I inhabit a grey pullover claiming I’m a pyromaniac. I inhabit a childhood scar that blurs my vision. I inhabit a house with bookshelf walls, I inhabit a bathtub neither filled with the water of lies nor with Thoreau’s tonic of wildness. I inhabit a thirst for the written thought. I inhabit a cocktail cabinet cave supplied with nibbles, spare batteries, writing utensils. I inhabit a street where neighbours change slowly. I inhabit a cat’s eye searching the sky for birds and the ground for flowers of early spring.
What is there in habits I observe in the mirror that inhabits my hall and which I, in turn, inhabit too? When sun shoots white rays on untrodden asphalt and a night fox, spotted on the bottom steps of the south end of Ha’penny Bridge, stops for the camera or because, lacking pockets, she can’t procure the means to cross – never mind, she inhabits the city.
Habitats or cities – it can all be set afire by a torch reaching for my thatched roof or a pen signing an eviction notice. Burning bookshelves belch smoke blurring my vision while I sit in my bathtub writing down my thinking, spare batteries crackle, hiss and send out sparks informing neighbours about another slow change. Birds inhabiting the sky in search for a cat, green shoots grow from charred books and ashes – a slow change. A habit of spring.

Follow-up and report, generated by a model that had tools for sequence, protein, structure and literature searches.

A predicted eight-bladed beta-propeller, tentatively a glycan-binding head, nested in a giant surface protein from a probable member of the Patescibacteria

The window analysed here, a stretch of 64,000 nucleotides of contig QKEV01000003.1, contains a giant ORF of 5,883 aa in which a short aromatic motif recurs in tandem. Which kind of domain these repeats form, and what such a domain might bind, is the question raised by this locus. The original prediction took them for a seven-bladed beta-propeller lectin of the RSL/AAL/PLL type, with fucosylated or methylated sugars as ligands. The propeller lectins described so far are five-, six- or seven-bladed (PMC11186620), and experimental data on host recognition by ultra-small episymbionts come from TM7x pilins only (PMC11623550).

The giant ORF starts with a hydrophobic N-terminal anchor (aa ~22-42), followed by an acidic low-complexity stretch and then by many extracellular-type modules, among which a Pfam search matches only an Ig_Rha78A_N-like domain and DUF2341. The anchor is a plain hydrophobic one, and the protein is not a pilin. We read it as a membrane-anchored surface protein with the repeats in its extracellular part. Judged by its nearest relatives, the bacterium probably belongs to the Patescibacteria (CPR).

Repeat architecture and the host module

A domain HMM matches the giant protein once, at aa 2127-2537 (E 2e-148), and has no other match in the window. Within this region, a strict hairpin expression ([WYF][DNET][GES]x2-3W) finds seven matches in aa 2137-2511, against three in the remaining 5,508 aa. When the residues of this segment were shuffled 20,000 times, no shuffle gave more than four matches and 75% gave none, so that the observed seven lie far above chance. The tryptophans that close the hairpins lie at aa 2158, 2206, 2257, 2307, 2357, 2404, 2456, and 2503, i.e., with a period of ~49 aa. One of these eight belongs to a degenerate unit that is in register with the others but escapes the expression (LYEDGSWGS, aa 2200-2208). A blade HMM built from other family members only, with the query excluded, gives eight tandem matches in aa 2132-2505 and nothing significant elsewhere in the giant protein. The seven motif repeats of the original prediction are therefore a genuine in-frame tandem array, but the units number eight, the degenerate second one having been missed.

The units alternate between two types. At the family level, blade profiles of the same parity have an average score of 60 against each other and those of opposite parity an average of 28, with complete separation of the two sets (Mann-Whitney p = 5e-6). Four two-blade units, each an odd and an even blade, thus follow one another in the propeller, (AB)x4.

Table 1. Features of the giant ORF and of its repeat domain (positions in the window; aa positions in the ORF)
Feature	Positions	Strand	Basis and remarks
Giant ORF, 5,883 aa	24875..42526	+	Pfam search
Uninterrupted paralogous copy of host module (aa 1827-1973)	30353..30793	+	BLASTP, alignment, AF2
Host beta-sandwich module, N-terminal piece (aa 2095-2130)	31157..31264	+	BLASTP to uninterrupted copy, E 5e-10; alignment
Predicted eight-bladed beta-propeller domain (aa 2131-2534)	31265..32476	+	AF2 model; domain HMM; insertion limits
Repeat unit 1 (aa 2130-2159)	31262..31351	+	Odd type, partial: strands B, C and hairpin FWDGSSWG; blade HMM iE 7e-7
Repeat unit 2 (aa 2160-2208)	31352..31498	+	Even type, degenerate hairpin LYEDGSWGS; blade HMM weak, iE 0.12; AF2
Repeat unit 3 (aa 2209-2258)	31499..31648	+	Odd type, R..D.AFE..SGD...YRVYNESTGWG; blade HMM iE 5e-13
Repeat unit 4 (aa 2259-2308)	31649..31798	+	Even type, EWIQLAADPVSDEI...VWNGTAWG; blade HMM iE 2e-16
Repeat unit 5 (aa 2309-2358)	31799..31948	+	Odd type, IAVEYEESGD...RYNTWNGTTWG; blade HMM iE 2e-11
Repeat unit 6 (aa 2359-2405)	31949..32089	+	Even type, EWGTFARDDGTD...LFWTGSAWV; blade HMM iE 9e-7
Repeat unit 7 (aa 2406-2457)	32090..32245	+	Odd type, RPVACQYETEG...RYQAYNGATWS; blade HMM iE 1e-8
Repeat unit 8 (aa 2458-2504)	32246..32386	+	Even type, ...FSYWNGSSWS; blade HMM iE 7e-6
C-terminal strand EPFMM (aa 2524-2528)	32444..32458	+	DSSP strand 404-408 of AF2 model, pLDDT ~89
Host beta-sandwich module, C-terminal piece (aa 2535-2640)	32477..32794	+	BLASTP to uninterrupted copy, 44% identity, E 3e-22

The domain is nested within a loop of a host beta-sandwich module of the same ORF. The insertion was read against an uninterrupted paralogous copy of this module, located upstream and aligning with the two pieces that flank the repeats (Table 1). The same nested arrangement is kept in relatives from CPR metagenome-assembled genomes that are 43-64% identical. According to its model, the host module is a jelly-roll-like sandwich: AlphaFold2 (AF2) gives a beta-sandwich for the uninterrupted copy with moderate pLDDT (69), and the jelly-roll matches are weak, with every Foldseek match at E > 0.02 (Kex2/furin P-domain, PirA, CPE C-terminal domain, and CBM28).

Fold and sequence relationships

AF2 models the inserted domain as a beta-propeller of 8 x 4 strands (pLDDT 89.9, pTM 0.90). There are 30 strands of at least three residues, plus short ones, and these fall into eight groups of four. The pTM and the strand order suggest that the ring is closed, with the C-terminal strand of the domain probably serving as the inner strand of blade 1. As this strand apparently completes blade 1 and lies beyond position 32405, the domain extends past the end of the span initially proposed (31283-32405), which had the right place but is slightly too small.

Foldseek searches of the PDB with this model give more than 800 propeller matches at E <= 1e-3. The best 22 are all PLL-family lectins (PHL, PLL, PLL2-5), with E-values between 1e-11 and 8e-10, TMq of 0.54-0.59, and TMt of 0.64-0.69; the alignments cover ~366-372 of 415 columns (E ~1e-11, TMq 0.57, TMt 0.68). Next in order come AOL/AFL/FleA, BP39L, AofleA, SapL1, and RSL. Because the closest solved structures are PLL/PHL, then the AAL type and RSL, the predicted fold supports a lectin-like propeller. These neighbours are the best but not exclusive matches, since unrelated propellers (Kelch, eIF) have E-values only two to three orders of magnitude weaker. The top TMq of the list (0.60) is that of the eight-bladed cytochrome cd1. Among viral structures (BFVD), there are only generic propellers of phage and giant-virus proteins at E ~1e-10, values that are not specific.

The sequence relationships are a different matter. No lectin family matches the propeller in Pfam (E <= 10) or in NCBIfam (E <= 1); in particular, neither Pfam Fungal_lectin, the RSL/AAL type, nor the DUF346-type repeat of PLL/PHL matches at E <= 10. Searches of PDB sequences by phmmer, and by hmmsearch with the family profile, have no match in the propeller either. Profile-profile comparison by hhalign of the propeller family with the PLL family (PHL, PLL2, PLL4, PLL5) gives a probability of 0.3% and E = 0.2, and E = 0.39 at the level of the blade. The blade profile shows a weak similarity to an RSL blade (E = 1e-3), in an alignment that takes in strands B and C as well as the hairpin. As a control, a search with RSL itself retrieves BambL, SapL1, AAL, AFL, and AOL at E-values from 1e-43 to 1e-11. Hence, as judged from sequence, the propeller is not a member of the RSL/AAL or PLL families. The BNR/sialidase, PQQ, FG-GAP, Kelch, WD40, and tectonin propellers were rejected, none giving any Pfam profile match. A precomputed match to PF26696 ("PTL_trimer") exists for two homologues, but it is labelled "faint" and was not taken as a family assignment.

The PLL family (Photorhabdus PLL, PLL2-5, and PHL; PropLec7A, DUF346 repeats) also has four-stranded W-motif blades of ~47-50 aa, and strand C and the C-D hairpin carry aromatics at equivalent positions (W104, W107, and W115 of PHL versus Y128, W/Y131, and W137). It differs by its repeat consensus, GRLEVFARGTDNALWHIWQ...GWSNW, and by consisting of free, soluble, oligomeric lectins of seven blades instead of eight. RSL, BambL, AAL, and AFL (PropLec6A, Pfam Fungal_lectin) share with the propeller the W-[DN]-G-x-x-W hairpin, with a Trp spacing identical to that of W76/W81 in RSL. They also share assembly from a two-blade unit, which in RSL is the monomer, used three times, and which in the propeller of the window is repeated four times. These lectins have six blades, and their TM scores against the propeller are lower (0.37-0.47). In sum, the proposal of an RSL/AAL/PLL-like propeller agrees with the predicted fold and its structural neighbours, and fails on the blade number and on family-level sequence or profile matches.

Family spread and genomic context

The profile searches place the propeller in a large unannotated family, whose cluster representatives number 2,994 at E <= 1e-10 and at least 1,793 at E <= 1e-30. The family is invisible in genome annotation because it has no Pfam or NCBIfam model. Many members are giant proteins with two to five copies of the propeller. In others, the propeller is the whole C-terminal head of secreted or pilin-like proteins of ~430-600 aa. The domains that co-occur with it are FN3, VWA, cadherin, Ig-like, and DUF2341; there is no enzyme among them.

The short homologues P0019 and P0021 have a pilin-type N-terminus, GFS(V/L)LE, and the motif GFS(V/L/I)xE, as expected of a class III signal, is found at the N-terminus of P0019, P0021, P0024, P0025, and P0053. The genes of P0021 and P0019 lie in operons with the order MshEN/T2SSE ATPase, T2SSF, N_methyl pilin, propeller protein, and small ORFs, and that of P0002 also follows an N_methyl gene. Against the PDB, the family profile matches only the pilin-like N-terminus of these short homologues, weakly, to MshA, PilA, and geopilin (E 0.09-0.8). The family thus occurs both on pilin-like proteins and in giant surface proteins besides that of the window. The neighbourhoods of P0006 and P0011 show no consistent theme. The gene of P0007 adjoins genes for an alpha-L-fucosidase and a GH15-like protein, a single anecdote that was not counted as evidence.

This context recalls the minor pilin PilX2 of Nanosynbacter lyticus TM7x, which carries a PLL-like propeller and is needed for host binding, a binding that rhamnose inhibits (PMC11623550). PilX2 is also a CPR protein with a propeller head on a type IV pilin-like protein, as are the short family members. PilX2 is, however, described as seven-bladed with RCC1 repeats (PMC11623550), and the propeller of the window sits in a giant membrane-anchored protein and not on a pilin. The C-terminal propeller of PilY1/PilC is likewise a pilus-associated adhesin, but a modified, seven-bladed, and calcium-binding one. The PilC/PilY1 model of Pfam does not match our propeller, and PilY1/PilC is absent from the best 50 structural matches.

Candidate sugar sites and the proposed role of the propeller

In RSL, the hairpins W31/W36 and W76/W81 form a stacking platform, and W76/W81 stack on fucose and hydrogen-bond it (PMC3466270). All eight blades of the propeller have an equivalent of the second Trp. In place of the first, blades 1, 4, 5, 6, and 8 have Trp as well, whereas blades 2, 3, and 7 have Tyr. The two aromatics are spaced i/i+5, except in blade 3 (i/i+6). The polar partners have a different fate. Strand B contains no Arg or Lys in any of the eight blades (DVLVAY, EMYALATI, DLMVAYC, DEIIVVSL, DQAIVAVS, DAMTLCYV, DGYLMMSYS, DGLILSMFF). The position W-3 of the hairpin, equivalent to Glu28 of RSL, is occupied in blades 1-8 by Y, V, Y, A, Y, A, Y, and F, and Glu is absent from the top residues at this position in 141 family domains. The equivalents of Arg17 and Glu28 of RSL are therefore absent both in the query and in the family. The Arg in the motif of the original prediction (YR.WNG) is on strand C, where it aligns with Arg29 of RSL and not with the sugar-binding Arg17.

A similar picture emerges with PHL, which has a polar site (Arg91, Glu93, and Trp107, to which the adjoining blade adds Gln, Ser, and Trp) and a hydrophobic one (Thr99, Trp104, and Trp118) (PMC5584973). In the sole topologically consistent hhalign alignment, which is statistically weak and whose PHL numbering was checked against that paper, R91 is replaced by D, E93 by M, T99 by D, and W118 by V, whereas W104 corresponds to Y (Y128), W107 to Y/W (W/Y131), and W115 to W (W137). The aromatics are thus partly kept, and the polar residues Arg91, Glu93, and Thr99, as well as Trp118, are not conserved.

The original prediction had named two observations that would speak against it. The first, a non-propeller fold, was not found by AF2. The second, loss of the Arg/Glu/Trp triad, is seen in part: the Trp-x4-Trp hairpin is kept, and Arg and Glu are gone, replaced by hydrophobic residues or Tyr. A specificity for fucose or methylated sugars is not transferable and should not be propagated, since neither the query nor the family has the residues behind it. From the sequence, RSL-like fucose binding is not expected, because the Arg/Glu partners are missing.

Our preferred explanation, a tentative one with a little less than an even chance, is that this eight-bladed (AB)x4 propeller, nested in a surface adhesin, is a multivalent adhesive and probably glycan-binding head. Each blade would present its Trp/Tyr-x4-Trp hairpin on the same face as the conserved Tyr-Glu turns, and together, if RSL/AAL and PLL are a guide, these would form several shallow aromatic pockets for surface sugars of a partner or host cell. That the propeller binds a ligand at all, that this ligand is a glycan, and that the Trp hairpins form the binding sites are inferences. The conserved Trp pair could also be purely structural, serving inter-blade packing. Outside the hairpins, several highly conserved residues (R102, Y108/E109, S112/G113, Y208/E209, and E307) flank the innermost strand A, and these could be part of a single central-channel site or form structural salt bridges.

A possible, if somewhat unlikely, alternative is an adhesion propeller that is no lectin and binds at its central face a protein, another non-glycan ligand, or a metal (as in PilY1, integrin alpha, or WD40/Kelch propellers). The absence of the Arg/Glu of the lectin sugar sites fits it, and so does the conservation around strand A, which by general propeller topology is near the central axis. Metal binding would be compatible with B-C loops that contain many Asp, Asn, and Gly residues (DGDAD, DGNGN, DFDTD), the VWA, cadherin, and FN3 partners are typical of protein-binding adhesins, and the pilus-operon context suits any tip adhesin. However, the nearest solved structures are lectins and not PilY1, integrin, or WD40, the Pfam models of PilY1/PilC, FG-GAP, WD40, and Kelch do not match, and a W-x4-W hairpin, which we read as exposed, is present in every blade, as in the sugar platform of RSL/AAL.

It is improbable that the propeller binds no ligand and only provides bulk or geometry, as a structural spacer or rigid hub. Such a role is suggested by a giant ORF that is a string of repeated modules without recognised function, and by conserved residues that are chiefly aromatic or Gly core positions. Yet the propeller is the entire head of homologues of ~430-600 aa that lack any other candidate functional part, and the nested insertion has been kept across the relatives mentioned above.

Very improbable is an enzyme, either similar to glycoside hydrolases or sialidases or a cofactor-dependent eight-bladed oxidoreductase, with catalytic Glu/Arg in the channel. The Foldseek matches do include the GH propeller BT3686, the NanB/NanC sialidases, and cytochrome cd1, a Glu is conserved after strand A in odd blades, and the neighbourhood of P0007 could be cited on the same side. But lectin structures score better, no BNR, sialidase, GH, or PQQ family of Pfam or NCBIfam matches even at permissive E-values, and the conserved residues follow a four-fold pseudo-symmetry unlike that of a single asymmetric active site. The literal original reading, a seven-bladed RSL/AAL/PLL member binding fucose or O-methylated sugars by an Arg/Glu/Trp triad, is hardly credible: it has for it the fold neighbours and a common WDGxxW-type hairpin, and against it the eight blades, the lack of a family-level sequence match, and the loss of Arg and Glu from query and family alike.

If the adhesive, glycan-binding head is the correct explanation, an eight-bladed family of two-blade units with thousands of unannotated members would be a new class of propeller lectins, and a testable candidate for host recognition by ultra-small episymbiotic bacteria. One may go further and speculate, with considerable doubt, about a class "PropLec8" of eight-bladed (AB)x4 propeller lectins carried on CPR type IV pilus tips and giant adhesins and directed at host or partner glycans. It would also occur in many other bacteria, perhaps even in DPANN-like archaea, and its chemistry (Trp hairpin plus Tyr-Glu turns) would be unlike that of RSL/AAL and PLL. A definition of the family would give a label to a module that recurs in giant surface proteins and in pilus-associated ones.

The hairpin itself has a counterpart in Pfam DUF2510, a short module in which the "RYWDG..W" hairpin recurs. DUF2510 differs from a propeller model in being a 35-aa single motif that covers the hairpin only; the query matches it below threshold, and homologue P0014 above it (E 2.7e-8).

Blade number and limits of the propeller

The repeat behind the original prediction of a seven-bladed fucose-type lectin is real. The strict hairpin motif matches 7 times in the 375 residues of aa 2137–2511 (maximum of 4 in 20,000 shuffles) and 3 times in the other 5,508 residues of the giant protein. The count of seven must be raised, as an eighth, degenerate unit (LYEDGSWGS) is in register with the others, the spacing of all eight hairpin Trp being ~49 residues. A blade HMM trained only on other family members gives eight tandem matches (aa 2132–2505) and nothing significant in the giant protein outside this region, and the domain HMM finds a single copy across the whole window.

Shannon, Fastnet, Malin, Irish Sea: offshore, heavy gales at first, good, occasionally moderate maritime weather conditions later, transmitting fishermen onto land, signing up for a quick one in Falcarragh, Doolin, Glengarriff; mainly fair in the beginning, then loosing their national identity by Friday.
Ballinamore, Roosky, Oughterard, free from heaving and hauling of nets, increasing foam on stout seas rising, pissed, pay washed away to publicans. Loading of social systems not expected to come on trawlers or in life vests, but pinstripes via Dublin, Dún Laoghaire, motor yachts.
I remember gorse growing rank along the east coast railway and the sky full of fire over Dun Aengus on a mild Atlantic afternoon in spring when we hastened over coarse gravely ground, uphill, to see the sunset from that old ring of stones on Inis Mór; when the isle seemed authentic – despite our presence.